I'm in Monroe, Louisiana getting ready to attend my nephews Engagement Party. We expect an incredible soiree -  eighty-three hosts and hostesses will entertain two shifts of probably a thousand guests as we celebrate Mac and Brittney's engagement! But what will it be like? Will the country club be magnificently decorated? Who will be there that I know? On a limited diet, will the food be anything I can eat? Will there be a band and dancing? Is it possible that I will be put in a situation where I will say/do something stupid (like call someone by the wrong name, or forget a spouse's death!)? Any number of expectations surround an event - will we be elated with the outcome, or downright disappointed?

The greater the number of participants in any given event, the less likely you are to be able to satisfy all the attendant expectations. Try though you may to manage all of the expectations of all of the participants, it just "ain't" going to happen! Strong communications with your target audience can improve the odds of success, but still someone is going to be disappointed. 

On a much smaller, yet no less important scale, that is exactly what we are doing when we build someone's home. Our client comes into the process with a set of expectations of what their home is going to look like; how rooms and areas are going to function; what the space is going to do for their family; even how we as Builders are going to perform. Our job is to efficiently communicate, while listening, to try to understand those expectations so we can manage them as tightly as possible. A well organized, and thoroughly thought out plan for trying to understand the pictures painted in the client's mind goes a long way towards minimizing expectation risk.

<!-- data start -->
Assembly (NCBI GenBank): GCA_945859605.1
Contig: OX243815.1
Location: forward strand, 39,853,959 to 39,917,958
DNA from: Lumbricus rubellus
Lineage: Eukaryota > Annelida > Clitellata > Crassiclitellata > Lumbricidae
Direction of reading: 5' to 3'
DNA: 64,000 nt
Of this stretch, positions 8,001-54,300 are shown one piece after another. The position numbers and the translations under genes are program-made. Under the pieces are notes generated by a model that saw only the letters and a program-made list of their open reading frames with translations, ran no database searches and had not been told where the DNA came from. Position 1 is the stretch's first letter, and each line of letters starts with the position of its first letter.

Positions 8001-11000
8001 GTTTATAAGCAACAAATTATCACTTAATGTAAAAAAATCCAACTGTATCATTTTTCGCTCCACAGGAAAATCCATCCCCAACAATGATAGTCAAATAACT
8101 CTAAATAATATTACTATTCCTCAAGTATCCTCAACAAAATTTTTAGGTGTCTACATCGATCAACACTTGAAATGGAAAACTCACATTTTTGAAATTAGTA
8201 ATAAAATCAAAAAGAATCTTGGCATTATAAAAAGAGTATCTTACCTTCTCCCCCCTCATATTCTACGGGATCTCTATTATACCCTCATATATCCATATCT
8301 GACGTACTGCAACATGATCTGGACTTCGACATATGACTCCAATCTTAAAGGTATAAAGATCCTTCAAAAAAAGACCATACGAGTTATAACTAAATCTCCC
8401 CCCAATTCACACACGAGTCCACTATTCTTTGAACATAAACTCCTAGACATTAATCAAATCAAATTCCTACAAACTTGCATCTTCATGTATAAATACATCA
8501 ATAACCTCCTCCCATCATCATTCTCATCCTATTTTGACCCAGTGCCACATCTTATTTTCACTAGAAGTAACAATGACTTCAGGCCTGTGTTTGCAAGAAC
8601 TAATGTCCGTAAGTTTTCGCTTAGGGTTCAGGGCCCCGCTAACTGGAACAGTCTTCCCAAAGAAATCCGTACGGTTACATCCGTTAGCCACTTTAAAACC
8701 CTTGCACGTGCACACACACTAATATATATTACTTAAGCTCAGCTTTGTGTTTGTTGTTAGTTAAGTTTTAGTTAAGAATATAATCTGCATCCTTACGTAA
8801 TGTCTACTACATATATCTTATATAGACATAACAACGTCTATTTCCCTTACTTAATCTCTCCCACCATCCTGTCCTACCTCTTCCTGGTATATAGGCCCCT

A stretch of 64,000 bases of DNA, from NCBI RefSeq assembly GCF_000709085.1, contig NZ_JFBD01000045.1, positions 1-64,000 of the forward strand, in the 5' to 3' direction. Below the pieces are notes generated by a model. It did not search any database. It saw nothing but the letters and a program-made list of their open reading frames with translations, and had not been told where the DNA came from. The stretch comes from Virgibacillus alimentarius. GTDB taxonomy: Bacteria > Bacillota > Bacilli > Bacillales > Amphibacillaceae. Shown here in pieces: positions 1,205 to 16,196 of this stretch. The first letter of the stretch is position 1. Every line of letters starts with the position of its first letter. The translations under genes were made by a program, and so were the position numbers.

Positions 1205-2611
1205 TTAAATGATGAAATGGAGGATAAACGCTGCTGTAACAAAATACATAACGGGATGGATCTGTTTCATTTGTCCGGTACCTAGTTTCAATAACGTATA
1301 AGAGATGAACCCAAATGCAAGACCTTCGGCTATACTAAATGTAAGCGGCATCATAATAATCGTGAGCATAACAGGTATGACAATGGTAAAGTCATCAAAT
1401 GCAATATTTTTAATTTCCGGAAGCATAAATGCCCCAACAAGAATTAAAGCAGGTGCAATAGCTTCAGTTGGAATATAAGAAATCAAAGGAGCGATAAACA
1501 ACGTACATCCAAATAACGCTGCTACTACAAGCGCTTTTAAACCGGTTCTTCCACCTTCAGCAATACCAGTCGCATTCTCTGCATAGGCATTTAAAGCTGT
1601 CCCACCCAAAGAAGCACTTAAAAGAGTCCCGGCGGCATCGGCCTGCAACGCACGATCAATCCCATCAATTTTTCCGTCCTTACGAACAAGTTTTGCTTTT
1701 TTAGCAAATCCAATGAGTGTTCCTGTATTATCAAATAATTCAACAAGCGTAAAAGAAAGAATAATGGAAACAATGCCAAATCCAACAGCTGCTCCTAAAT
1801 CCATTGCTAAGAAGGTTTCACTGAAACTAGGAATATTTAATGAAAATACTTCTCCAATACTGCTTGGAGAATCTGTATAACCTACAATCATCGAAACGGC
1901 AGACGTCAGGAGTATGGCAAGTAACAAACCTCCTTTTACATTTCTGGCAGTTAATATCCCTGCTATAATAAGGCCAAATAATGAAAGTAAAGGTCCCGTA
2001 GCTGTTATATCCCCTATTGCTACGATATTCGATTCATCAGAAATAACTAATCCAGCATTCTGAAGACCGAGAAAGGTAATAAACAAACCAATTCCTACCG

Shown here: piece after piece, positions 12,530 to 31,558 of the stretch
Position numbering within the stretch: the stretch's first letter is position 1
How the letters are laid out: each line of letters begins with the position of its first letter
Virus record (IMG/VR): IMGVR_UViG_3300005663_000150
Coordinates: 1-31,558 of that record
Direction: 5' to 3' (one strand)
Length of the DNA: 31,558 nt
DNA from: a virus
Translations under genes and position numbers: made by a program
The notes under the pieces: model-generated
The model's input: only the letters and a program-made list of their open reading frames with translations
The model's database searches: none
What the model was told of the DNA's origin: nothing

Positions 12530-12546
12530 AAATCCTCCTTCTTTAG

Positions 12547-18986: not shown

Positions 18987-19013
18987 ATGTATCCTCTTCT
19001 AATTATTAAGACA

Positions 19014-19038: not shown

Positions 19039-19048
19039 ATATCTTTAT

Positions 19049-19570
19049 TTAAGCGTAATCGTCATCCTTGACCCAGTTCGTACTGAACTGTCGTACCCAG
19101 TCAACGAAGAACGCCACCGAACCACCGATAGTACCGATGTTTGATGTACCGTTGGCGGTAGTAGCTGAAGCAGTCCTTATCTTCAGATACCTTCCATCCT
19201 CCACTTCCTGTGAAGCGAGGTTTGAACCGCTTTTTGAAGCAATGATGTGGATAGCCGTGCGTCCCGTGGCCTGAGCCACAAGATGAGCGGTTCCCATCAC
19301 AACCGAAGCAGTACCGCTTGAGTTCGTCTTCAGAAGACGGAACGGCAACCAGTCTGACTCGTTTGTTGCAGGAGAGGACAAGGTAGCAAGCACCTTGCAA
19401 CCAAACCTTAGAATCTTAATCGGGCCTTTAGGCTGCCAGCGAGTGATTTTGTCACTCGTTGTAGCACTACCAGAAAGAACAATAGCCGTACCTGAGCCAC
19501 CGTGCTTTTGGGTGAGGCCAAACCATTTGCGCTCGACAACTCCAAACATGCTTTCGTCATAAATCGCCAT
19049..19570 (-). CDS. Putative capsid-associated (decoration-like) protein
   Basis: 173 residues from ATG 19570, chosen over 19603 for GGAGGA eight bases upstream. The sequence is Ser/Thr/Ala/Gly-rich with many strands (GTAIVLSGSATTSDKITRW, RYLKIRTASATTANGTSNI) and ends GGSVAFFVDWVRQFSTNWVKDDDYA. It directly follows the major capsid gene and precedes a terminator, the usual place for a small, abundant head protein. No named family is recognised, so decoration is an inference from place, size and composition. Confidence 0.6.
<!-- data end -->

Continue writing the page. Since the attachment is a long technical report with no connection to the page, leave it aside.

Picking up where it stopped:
This is where "under promise, and over deliver" comes into play! In just the last post I was cranking about those Builders who were "over promising, and under delivering." Sure they get the contract signed by over promising, but they have set themselves up for complete mismanagement of their client's expectations. And the clients end up furious! The Builder probably doesn't care...after all, he/she beat out all the other guys and got the contract signed (though with a pack of lies!)!

All eighty-three hosts and hostesses would be delighted to know that Brittney and Mac's Engagement Party wildly exceeded our expectations! But that is the way in Monroe - quietly, and humbly "under promise" a wonderful evening of sending the future Bride and Groom off in style, then "OVER DELIVER" with an event that even the New York debutante circuit would be very proud of! I suppose that's the town's way of "managing expectations!"
Monroe photographs courtesy of Mary Dawson Photography

Wednesday, February 1, 2012

"Hindsight is 20/20"

"Would-a, Should-a, Could-a!" How many times have you looked backwards in life to realize that things today would really be different if I "Would-a, or Should-a, or Could-a" only handled a situation in a manner other than the way it was handled? Is the economy affording us too much time to re-examine issues long since put to bed, only to pine away for an outcome that might have us in a different position today? It certainly has for me!

Not operating at full capacity and having excessive time on our hands, we tend to re-play life situations under the microscope. I have found myself recently looking back at project interviews dissecting and micro-analyzing every phrase that was uttered, trying to understand if we said or did anything to "spook" the deal.  I continually find that my business partner and I are consistently plainspoken - simply espousing the plain unvarnished truth, and sharing how our skill set might help the intended project. We haven't over promised anything! Yet it seems our competition largely cannot make the same claim....

"Desperate people do desperate things!" We live in a world where a lot of people find it acceptable to say or do whatever is necessary to get a signed contract. 'Why not' they reason - once the contract is signed it's very hard to get out of it! And it is! Common is the conversation where we hear damaged homeowners describe Contractors who have over promised and under delivered!

I like to live in the world of "no regrets." That is to say simply that I want my decisions to always reflect my position of never regretting my actions or speech. Doesn't alway happen that way, but the majority of the time I am left with the feeling that I did the right thing. My benchmark is quite simple - did I say or do anything that I wish I had not said or done; and did I not say or do anything that I wish I would have said or done?!! If my answer to these questions is "no," then I have no regrets.

The tapestry of life seems so much clearer when we look backwards. Trouble is, you can't move forward if you're always looking backwards!